We describe the Neutron Spectrometer Experiment installed at Chacaltaya Cosmic Rays Observatory (68 deg. O, 16.2 deg. S), located in Bolivia, at 5230 m.a.s.l. This experimental system is constituted by passive detectors which register the flux of neutrons, in an energy range of 10 KeV-20 MeV. Using the unfolding code BUNTO a peak around 1 MeV of the characteristic spectrum of neutrons was obtained. Experimental values, observed during April of 2008, are compared with similar ones carried out in 1997 at the same place, in order to look for eventual changes due to local atmosphere. A similar experiment was also carried up at the Laboratory of Testa Grigia-Italy (45.56 deg. N, 7.42 deg. E,. 3480 m.a.l.s). Data of both stations allow us to compare the spectra in order to explain the difference of neutron flux of these two stations.

  11. Discriminating chaotic and stochastic dynamics through the permutation spectrum test

    SciTech Connect (OSTI)

    Kulp, C. W.; Zunino, L.

    2014-09-01

    In this paper, we propose a new heuristic symbolic tool for unveiling chaotic and stochastic dynamics: the permutation spectrum test. Several numerical examples allow us to confirm the usefulness of the introduced methodology. Indeed, we show that it is robust in situations in which other techniques fail (intermittent chaos, hyperchaotic dynamics, stochastic linear and nonlinear correlated dynamics, and deterministic non-chaotic noise-driven dynamics). We illustrate the applicability and reliability of this pragmatic method by examining real complex time series from diverse scientific fields. Taking into account that the proposed test has the advantages of being conceptually simple and computationally fast, we think that it can be of practical utility as an alternative test for determinism.

  12. Disentangling Redshift-Space Distortions and Nonlinear Bias using the 2D Power Spectrum

    SciTech Connect (OSTI)

    Jennings, Elise; Wechsler, Risa H.

    2015-08-07

    We present the nonlinear 2D galaxy power spectrum, P(k, µ), in redshift space, measured from the Dark Sky simulations, using galaxy catalogs constructed with both halo occupation distribution and subhalo abundance matching methods, chosen to represent an intermediate redshift sample of luminous red galaxies. We find that the information content in individual µ (cosine of the angle to the line of sight) bins is substantially richer then multipole moments, and show that this can be used to isolate the impact of nonlinear growth and redshift space distortion (RSD) effects. Using the µ < 0.2 simulation data, which we show is not impacted by RSD effects, we can successfully measure the nonlinear bias to an accuracy of ~ 5% at k < 0.6hMpc-1 . This use of individual µ bins to extract the nonlinear bias successfully removes a large parameter degeneracy when constraining the linear growth rate of structure. We carry out a joint parameter estimation, using the low µ simulation data to constrain the nonlinear bias, and µ > 0.2 to constrain the growth rate and show that f can be constrained to ~ 26(22)% to a kmax < 0.4(0.6)hMpc-1 from clustering alone using a simple dispersion model, for a range of galaxy models. Our analysis of individual µ bins also reveals interesting physical effects which arise simply from different methods of populating halos with galaxies. We also find a prominent turnaround scale, at which RSD damping effects are greater then the nonlinear growth, which differs not only for each µ bin but also for each galaxy model. These features may provide unique signatures which could be used to shed light on the galaxy–dark matter connection. Furthermore, the idea of separating nonlinear growth and RSD effects making use of the full information in the 2D galaxy power spectrum yields significant improvements in constraining cosmological parameters and may be a promising probe of galaxy formation models.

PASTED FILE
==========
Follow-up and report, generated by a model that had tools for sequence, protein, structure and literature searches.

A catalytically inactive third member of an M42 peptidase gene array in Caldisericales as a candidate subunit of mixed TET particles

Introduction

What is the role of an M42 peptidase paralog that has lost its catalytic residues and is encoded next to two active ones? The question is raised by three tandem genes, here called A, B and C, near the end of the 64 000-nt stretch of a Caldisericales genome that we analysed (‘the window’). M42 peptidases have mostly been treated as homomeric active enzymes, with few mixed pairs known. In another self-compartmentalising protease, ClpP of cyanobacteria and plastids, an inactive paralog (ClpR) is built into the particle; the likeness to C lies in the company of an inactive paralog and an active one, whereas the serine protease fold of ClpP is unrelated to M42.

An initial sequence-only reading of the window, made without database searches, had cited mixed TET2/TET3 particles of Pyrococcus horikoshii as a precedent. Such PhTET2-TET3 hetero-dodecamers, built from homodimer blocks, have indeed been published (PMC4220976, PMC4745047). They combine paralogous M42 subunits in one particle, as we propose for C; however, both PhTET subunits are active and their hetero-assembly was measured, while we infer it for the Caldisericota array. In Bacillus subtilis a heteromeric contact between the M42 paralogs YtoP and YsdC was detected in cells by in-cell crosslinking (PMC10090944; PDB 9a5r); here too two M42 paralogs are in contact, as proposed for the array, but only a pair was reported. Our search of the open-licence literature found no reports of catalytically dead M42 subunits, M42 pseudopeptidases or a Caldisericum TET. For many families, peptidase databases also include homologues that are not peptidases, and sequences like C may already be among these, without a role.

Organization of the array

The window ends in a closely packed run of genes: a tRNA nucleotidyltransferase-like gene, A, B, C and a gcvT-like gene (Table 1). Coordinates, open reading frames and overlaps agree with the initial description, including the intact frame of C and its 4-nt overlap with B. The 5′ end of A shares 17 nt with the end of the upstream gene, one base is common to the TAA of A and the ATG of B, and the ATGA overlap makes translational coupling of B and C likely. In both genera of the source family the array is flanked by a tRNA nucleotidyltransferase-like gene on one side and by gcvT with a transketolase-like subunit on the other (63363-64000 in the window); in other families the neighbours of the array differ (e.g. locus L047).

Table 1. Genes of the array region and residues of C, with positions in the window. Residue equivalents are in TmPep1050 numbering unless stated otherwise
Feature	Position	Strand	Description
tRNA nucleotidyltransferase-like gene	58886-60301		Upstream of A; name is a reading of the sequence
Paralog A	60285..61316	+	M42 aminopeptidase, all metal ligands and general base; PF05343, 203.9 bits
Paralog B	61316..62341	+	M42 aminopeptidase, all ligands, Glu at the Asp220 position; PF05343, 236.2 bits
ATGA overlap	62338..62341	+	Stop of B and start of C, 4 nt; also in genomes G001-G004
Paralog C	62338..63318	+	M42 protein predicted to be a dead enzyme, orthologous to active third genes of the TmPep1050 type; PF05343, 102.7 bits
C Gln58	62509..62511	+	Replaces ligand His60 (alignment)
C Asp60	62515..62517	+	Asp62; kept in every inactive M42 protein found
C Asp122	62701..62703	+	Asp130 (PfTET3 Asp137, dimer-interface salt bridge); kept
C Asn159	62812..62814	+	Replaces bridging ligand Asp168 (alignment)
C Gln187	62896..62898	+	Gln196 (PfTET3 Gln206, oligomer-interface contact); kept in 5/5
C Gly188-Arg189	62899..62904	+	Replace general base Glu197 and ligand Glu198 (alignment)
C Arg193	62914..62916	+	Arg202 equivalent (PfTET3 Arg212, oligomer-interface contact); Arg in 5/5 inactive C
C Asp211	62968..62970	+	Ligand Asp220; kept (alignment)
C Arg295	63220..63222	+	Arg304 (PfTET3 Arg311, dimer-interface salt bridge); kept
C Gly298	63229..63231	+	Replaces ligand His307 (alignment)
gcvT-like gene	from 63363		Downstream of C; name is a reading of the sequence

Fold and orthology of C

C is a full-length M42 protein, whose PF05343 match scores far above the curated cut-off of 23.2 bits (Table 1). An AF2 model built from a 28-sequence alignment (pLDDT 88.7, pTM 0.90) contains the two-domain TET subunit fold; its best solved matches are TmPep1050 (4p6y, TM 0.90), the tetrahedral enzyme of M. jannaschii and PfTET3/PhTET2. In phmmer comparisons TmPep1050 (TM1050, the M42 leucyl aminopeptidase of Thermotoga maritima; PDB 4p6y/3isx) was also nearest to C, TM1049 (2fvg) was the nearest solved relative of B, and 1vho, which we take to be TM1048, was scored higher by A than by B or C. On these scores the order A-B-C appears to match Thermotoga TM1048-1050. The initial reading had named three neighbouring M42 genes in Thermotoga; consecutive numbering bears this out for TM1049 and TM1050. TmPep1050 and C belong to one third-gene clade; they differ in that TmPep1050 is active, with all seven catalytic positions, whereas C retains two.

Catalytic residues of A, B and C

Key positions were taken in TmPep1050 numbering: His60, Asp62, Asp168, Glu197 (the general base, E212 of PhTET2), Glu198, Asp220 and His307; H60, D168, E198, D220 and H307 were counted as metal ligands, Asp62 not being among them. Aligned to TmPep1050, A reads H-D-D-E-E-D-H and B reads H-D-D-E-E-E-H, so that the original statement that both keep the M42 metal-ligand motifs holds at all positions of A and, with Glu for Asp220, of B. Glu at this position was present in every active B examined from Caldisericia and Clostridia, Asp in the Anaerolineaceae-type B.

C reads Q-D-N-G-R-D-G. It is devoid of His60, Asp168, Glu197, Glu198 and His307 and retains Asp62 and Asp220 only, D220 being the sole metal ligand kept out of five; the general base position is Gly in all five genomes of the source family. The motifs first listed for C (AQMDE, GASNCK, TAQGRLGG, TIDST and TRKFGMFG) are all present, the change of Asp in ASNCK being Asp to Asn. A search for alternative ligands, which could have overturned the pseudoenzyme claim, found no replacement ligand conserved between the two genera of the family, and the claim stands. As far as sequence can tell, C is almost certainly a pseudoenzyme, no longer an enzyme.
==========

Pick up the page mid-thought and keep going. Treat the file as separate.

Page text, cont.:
13. Effect of viscosity on seismic response of waste storage tanks

    SciTech Connect (OSTI)

    Tang, Yu; Uras, R.A.; Chang, Yao-Wen

    1992-06-01

    The dynamic response of liquid-storage tanks subjected to harmonic excitations and earthquake ground motions has been studied. A rigid tank of negligible mass, rigidly supported at the base having a diameter of 50 ft. and fluid height of 20.4 ft. was used in the computer analysis. The liquid is assumed to have a density of 1.5 g/ml. Viscosity values, {mu} = 60, 200, 100, and 10,000 cP, were used in the numerical analyses to study the effects of viscosity on sloshing wave height, impulsive and convective pressure on the tank wall, base shear and base moments. Harmonic excitations as well as earthquake ground motions were used as input motions. The harmonic excitations used in the analyses covers a wide range of frequencies, including both the resonant and non-resonant frequencies. Two earthquake motions were used. One matches the Newmark-Hall median response spectrum and is anchored at 0.24 g for a rock site with a damping of 2% and a time duration of 10 s. The other is the 1978 Tabas earthquake which had a peak ZPA of 0.81 g and a time duration of 29 s. A small tank, about 1/15 the size of the typical waste storage tank, was used in the harmonic excitation study to investigate the effect of viscosity on the response of liquid-storage tanks and how the viscosity effect is affected by the size of the storage tank. The results of this study show that for the typical waste storage tank subjected to earthquake motions, the effect of viscosity on sloshing wave height and impulsive and convective pressures is very small and can be neglected. For viscosity effect to become noticeable in the response of the typical waste storage tank, the waste viscosity must be greater than 10,000 cP. This value is far greater than the estimated viscosity value of the high level wastes, which may range from 60 to 200 cP for some tanks.